Saddle (Positioning by height and seat angle, or by X and Y coordinates)

In the past, the saddle position in BikeCAD was largely controlled by the seat angle and the saddle height. Once these values were established, we could further adjust the saddle position by changing the seatpost setback and the position of the saddle clamp on the rails.

In BikeCAD version 10.5, we now have two additional options. We can directly enter values for saddle position relative to the bottom bracket in X and Y coordinates. When we choose this option, the saddle height is automatically established because it is simply the hypotenuse side of the triangle formed by the X and Y coordinates. Because we also allow for the input of saddle dimensions and seatpost setback, the seat angle, just like the saddle height, is determined automatically.

Entering the saddle position in X and Y coordinates is useful when replicating measurements taken off a fit bike or through bicycle measuring devices such as those used in the Specialized BG Fit system. With the X and Y measurements shown on the screen, you can see where on the saddle these measurements are being taken. If you would like to reference a different point on the saddle, you can shift the reference location using the Saddle reference point X and Y input fields.

Even if you are still used to thinking more in terms of saddle height and seat angle, it can still be useful to use the Saddle X and Y method. For example, if we've designed a bike such as this with a 74 degree seat angle and a saddle height of 700mm, we may like this geometry. But what if we want to apply a curved seat tube? As we add the curve to our seat tube, our saddle will move back as BikeCAD maintains our specified seat angle. (Just as an aside, not everyone might agree on how to measure seat angle when you're dealing with a curved seat tube. But in BikeCAD, we take the seat angle as the angle of our seat post. In cases where we have a curved seat tube it is often more meaningful to speak in terms of effective seat tube angle and we can show this dimension as well in BikeCAD Pro.) Going back to our example, if we back up and switch to the Saddle X and Y option before adding the curve to our seat tube, BikeCAD will leave the saddle in the same position and calculate the required seat angle to suit the curved seat tube. If we make further revisions to our model through changing the position of the saddle clamp on the rails, or by changing the seatpost setback, we'll notice that BikeCAD will automatically adjust the seat angle to maintain the specified saddle position.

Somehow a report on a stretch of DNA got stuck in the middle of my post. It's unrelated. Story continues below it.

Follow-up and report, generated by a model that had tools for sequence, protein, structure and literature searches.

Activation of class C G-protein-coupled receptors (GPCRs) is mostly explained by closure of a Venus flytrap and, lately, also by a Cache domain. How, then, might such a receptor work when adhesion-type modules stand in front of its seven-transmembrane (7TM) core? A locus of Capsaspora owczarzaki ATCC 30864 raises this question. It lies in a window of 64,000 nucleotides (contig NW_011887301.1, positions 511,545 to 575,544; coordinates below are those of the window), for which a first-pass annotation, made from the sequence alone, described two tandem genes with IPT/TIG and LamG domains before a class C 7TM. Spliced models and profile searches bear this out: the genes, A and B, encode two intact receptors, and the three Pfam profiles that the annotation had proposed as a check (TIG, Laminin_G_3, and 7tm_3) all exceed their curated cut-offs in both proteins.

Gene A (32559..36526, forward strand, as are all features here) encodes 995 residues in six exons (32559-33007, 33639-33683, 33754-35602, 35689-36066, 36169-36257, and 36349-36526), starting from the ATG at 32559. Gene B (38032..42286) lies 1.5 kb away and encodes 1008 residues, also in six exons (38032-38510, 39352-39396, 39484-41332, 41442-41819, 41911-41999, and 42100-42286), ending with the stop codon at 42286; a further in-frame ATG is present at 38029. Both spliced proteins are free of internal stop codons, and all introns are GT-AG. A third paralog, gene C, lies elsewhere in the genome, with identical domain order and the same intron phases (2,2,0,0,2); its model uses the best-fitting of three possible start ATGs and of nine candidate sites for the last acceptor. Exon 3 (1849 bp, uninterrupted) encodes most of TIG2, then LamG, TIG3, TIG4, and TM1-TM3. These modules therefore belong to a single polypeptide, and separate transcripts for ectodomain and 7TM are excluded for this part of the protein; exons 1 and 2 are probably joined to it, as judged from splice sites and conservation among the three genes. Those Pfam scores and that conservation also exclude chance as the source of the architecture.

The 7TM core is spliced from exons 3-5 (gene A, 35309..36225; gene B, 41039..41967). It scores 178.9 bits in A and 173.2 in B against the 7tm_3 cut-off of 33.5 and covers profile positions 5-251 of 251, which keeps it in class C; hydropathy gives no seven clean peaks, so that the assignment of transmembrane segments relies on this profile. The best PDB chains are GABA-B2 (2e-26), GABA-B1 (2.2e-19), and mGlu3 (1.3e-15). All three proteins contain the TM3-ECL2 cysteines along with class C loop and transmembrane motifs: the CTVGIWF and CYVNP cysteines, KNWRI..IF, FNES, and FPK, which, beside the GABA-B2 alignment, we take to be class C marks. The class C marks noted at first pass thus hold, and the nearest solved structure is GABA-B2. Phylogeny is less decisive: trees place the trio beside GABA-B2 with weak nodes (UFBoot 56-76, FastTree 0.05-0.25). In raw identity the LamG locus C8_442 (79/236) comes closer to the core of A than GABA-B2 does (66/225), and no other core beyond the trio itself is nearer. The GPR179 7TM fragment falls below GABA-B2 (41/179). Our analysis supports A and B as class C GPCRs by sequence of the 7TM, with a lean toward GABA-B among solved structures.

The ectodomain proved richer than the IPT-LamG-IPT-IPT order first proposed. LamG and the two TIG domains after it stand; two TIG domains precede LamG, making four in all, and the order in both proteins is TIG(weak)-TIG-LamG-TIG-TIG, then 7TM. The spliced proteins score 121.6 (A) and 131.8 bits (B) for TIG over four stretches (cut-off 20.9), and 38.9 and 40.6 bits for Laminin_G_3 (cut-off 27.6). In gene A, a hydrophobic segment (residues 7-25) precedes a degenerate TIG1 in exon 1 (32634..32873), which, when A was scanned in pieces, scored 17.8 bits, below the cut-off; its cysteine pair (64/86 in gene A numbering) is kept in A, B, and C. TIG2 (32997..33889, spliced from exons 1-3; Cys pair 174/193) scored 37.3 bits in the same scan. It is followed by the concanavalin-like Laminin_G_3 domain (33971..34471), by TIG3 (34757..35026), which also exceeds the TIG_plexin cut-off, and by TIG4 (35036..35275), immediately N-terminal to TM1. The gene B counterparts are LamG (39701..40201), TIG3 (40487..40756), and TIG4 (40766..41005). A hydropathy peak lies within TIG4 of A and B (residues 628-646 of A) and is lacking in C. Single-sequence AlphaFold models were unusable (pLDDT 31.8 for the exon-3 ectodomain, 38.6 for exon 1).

In addition to the saddle X and Y method, we can also specify the position of the saddle clamp in X and Y coordinates. This option is available because while some fit bikes are largely concerned with the X and Y position of the top of the saddle, other fit bikes focus on the X and Y coordinates of the saddle clamp.

The Saddle clamp X and Y method is similar to the Saddle X and Y method in that it will automatically adjust the seat angle as the saddle clamp is shifted or as the seatpost setback is changed. However, shifting the saddle fore and aft on the rails will not impact the geometry of the frame.

One more note about the saddle height input field: When the saddle height method is chosen in the Primary dimensions dialog box, that same input field is also available in the Saddle dialog box. If you change the saddle height in one dialog box, it will also change in the other. If you choose the saddle X and Y option, or the Saddle clamp X and Y option, the Saddle height input field in the Saddle dialog box will be replaced by a button. When you click this button, the Primary dimensions dialog box will appear allowing you to control the saddle in any of the three methods already discussed.